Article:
Potential of Bacillus thuringiensis var israelensis for mosquito malaria vector control in Kenya.
Mukiama, Titus K.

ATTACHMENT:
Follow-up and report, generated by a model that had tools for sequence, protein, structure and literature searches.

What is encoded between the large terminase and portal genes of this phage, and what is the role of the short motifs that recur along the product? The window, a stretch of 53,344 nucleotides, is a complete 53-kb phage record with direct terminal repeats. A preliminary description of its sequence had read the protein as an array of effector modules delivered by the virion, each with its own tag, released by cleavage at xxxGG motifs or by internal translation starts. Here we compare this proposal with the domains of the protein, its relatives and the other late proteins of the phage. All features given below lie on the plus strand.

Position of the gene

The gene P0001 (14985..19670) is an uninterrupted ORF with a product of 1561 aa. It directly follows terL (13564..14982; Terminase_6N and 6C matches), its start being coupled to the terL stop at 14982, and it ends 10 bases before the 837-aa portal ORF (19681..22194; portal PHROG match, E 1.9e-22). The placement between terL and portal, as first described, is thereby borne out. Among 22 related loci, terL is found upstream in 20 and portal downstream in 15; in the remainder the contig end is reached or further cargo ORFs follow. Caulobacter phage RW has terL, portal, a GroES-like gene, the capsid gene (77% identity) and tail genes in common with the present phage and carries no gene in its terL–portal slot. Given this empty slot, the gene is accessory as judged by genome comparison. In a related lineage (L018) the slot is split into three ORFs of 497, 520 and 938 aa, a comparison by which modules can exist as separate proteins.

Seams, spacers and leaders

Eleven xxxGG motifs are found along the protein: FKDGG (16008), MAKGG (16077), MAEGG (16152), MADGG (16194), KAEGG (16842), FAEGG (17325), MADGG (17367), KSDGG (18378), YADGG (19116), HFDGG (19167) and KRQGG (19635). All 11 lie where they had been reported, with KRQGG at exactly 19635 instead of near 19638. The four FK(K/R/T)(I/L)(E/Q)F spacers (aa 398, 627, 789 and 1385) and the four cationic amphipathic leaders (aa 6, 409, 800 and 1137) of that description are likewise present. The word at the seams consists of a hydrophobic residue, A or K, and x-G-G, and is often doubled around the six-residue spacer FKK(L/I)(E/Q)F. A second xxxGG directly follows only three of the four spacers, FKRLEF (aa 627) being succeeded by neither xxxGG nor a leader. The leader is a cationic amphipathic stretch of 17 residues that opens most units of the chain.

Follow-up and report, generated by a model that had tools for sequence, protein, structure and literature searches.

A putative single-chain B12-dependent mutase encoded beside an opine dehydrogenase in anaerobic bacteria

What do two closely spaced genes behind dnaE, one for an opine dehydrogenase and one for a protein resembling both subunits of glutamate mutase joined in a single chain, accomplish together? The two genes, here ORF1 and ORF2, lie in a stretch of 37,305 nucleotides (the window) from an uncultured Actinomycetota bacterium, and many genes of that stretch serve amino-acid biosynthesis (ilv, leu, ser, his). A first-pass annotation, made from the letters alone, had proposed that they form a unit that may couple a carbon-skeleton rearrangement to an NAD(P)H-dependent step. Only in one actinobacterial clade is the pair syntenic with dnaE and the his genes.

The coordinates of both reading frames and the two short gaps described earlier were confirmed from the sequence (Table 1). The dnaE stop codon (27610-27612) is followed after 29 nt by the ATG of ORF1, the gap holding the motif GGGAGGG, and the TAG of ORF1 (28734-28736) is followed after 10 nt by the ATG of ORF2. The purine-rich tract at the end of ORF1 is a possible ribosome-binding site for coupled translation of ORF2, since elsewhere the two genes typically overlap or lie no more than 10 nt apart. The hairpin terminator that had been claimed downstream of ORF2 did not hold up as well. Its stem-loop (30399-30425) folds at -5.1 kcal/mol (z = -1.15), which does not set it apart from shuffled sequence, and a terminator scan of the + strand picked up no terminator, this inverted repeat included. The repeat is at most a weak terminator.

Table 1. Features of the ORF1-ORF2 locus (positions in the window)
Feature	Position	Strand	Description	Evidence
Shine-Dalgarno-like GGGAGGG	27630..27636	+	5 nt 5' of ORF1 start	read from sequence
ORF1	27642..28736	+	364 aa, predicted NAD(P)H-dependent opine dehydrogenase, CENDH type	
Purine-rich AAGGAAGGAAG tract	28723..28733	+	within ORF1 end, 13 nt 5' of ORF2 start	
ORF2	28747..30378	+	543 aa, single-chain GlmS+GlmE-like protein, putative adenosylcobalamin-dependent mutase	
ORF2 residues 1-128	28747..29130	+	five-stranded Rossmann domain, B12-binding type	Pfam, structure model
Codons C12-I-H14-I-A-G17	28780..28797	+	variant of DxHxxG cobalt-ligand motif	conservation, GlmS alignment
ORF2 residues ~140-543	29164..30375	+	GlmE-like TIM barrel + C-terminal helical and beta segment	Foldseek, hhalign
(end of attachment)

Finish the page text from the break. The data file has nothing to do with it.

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The main vectors of malaria in Kenya are Anopheles arabiensis, An. gambiae and An. funestus. In the Mwea Rice Irrigation Scheme of Central Kenya, Art arabiensis is the principal vector, accounting for over 83% of the total anopheline population. Larval breeding takes place from late March to mid-December. The population peaks correspond to the rainy seasons in April-May and October- November. The flooding phase of the rice cycle in August, an otherwise dry season, is the link that enables continuous breeding for nine months. The use of biological larvicides that are not only innocuous to other aquatic organisms but also environmentally safe is a desirable component of any futureintegTated control stralegy Bacillus thuringiensis var (B.t.i.) has already been shown to be a promising agent of riceland mosquito control in Kenya. Laboratory tests have indicated that the LC 50's for An. arabiensis and An. gambiae are 1.86 x 10-6 and 2.05x10-6B.t.i./ml respectively. Limited field testing with commercial preparations was commendably effective, but the larvicidal activity of the suspensions had limited persistence. It is suggested that further field testing with B.t.i. and more screening for local strains of B.t. should be encouraged in the future.